"The Grindelwald Tour Guide" by German Power, April 2012
Disclaimer: All characters presented here are product of fiction. Any resemblances to real characters are of a pure coincidence. No intention was made to insult anyone for any reason.
AN: This story is an act of fiction. No one should attempt to act in the same manner as described.
Summary: The largest natural avalanches occur in the Himalayas but no one has accurately measured them. Avalanches are landslide of ice and snow. Compared to mythical German monsters that flies without wings, sees without eyes and strikes without hands, they can reach speeds of 200mph.
The Grindelwald Tour Guide
After camerman signalled to Alan Arnette that the camera was already filming, he began with his interview of David Cupp.
"You were attempting all 7 summits during your … rather exhaustive history of climbing, correct?"
"That's right." David grinned at the camera in secret.
"You started climbing rather late in life at 38. How difficult was it for you to get fit and how do you stay climbing-ready today?"
"I had always tried to stay in decent shape but with a job that had me on the road three days a week and crossing continents it was tough, and I mean …", his wife Liz grinned from the back at him, "… very tough. I was your basic weekend warrior, climbing whenever I could." Alan stirred in his seat, letting David continue. "The funny thing is that I excelled at cross-country and track in high school but stopped cold once I started working and never really exercised diligently until I started climbing around age 38."
"How about your life motto and other duties? Do they keep you out or, perhaps focused on your hobby?"
"Well … once I started climbing, running and climbing became my focus. While on the road I would work out in hotel gyms on the weights then run the hotel stairs late at night …", Liz smiled at him, "… I was always afraid I would get arrested!" Alan tilted his back laughing and David accepted it carefully, Waiting for Alan to cease with his theatrical ceremony. "Today my basic routine is climbing …", he grinned at Liz's "What else?" facial expression, "… and lot's of time on the elliptical machine since my knees will not let me do the long runs anymore."
"Now about your Edelweiss ghastly experience …"
"Huh. You got me!" He smiled and crevices due to the combined efforts of sun and heat and cold and wind showed up on his weathered face. "It was a deemed a symbol of bravery as it was often very treacherous to climb up the mountain to retrieve one and many lost their lives in doing so."
Alan turned towards the camera now.
"Just to explain to our viewers. David had an accident in the mountains. His arms and legs hammered the snow on the 40-to-50-degree slopes at the beginning of the Heinzmeir Route, the classic, ambling line set in 1938 during the first ascent of the north face, by a German-Austrian team. Mr. Cupp had never felt so dialed as he did on that February day in 2008. His five-foot-eight frame was wiry with muscle. He'd practiced climbing steep cliffs using only the thinnest of holds, with no rope or partner to catch a mistake. His gear was minimal and precise …", someone dropped a metal object to the floor somewhere behind cameras, "… an ice screw, four carabiners, a quickdraw, and a hundred feet of cord, which he could use to rappel down if things really got grim."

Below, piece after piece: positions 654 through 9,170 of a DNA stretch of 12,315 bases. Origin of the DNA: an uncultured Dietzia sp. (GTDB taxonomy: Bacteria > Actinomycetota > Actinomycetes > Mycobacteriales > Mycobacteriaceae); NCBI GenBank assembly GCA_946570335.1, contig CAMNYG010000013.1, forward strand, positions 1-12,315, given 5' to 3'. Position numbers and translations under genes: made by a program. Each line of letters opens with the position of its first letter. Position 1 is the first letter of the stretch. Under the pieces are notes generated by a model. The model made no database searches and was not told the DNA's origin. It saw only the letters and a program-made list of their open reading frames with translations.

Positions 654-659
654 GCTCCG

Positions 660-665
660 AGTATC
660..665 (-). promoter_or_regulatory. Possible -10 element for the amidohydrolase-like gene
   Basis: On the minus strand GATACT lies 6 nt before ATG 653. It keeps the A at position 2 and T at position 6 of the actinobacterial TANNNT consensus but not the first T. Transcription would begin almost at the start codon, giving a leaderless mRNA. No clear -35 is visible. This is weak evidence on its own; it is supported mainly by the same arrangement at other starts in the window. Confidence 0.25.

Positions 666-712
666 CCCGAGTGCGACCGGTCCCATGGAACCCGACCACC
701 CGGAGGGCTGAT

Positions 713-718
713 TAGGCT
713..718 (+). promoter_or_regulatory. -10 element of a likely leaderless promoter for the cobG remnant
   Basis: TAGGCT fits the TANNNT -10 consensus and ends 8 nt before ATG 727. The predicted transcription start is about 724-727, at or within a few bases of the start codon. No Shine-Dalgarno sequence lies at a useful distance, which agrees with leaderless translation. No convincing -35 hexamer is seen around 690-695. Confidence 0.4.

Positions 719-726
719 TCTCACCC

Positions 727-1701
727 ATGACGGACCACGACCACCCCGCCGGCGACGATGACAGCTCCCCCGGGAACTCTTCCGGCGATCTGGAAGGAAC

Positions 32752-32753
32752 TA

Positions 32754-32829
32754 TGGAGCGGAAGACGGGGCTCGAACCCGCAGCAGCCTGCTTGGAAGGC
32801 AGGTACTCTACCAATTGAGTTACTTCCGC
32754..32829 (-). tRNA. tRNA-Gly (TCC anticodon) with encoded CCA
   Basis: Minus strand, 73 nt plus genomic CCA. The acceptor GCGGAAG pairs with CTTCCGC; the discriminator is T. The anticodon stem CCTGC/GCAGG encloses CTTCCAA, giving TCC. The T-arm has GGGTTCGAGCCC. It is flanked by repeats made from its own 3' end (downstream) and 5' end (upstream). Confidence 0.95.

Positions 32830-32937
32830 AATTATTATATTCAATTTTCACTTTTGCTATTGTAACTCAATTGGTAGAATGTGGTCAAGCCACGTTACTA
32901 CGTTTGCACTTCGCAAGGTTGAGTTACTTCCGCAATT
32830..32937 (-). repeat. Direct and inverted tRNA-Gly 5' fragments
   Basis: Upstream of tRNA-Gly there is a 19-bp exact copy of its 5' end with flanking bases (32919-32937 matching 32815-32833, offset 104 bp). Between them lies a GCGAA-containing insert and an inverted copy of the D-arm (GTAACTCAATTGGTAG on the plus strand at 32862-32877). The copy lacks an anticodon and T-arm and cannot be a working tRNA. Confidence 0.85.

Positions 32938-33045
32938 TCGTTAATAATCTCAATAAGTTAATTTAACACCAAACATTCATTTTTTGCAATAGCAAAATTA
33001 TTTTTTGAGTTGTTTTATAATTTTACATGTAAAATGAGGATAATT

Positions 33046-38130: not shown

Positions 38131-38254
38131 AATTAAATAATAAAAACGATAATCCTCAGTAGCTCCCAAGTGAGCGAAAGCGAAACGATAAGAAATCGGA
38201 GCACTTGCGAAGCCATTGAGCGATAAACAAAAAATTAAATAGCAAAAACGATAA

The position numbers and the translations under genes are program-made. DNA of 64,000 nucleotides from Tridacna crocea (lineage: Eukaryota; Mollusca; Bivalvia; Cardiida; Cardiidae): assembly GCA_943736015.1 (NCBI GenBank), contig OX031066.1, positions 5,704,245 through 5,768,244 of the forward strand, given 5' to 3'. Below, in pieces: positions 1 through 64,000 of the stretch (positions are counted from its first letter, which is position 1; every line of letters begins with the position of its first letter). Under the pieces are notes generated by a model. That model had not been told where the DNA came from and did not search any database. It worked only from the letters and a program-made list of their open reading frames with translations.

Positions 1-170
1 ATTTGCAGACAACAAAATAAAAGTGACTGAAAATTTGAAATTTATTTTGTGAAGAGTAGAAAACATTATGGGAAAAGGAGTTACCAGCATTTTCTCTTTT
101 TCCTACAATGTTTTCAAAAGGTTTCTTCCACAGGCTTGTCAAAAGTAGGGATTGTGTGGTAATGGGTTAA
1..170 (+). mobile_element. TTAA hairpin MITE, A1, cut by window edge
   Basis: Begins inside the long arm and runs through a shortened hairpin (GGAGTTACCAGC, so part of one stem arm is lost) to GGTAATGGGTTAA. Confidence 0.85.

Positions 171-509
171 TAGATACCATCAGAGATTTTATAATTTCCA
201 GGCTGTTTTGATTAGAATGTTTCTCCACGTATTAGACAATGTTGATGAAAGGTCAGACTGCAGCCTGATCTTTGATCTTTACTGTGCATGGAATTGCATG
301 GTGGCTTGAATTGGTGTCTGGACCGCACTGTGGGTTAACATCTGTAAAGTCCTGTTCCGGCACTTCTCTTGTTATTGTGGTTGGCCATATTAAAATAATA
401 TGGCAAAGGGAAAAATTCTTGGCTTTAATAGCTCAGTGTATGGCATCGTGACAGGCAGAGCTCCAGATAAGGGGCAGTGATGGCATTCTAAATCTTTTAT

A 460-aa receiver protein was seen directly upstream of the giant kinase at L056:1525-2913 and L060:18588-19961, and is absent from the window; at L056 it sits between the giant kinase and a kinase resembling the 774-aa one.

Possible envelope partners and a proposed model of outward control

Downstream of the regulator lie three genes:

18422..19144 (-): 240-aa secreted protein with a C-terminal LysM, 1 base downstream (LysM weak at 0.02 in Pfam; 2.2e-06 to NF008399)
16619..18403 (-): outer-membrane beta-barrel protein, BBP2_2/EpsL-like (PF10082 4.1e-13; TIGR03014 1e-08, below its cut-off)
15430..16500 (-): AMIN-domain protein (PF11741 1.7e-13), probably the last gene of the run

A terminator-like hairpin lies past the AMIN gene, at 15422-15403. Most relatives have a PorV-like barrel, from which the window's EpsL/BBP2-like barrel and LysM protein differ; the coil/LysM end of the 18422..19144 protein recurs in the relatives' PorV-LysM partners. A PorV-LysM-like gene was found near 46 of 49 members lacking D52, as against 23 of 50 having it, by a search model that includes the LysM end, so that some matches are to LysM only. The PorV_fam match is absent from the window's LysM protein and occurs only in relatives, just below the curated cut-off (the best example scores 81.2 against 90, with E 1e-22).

"Well … it's partially correct but …" Alan just smiled at David, continuing as if wishing to twist the truth behind it.
"Mr. Cupp had waited for a storm to fill in the footsteps and coat the face with new ice, and this time he would free-solo the whole route with only axes and crampons to keep himself pinned to the wall." Alan cleared his throat and excused to the viewers. "He had hired a coach and physical therapist from Switzerland's top Olympic facility to create a fitness program designed to get him up big Alpine faces as quickly as possible. The training went far beyond what most mountaineers are willing to endure … some …", he stared at David, "… 1,200 hours of murderous workouts a year." David made an affirmative nod. "How could he not be faster this time?" Alan smiled briefly at David, making a stance.
"Now I will go into the details." Alan checked on David and then smiled at the camera again. "Mr. Cupp spent 20 minutes at the summit, but shortly after he began his descent he was struck by a severe form of high altitude sickness, cerebral edema …", David smiled and even frowned a bit, remembering the ordeal so well, "… a swelling of the brain that induces crippling lethargy, hallucinations and other symptoms." Alan paused, letting David made couple of affirmative nods. It looked as if someone had a gun pointed at David for a moment. "Maddened, by his account though …", David grinned at Alan, nodding faster now, "… he turned and tried to re-climb the summit, but the sherpas who had accompanied him tied him and began wrestling him down the mountain." David shook his head in disbelief, grinning at the whole picture. "After two hours, Mr. Cupp was showing no signs of life, and the exhausted sherpas, in touch by radio with the expedition leader, were told to save themselves." Alan paused, looking at David. "So … what exactly kept you alive … not letting you simply lie down and, well … sleep?"
"It was a picture of my beloved wife, Liz." Liz could not hold her tears any longer and rushed to embrace David in front of the cameras that were still rolling. An applause followed as they were kissing and hugging each other almost as if David just returned from the Himalayas.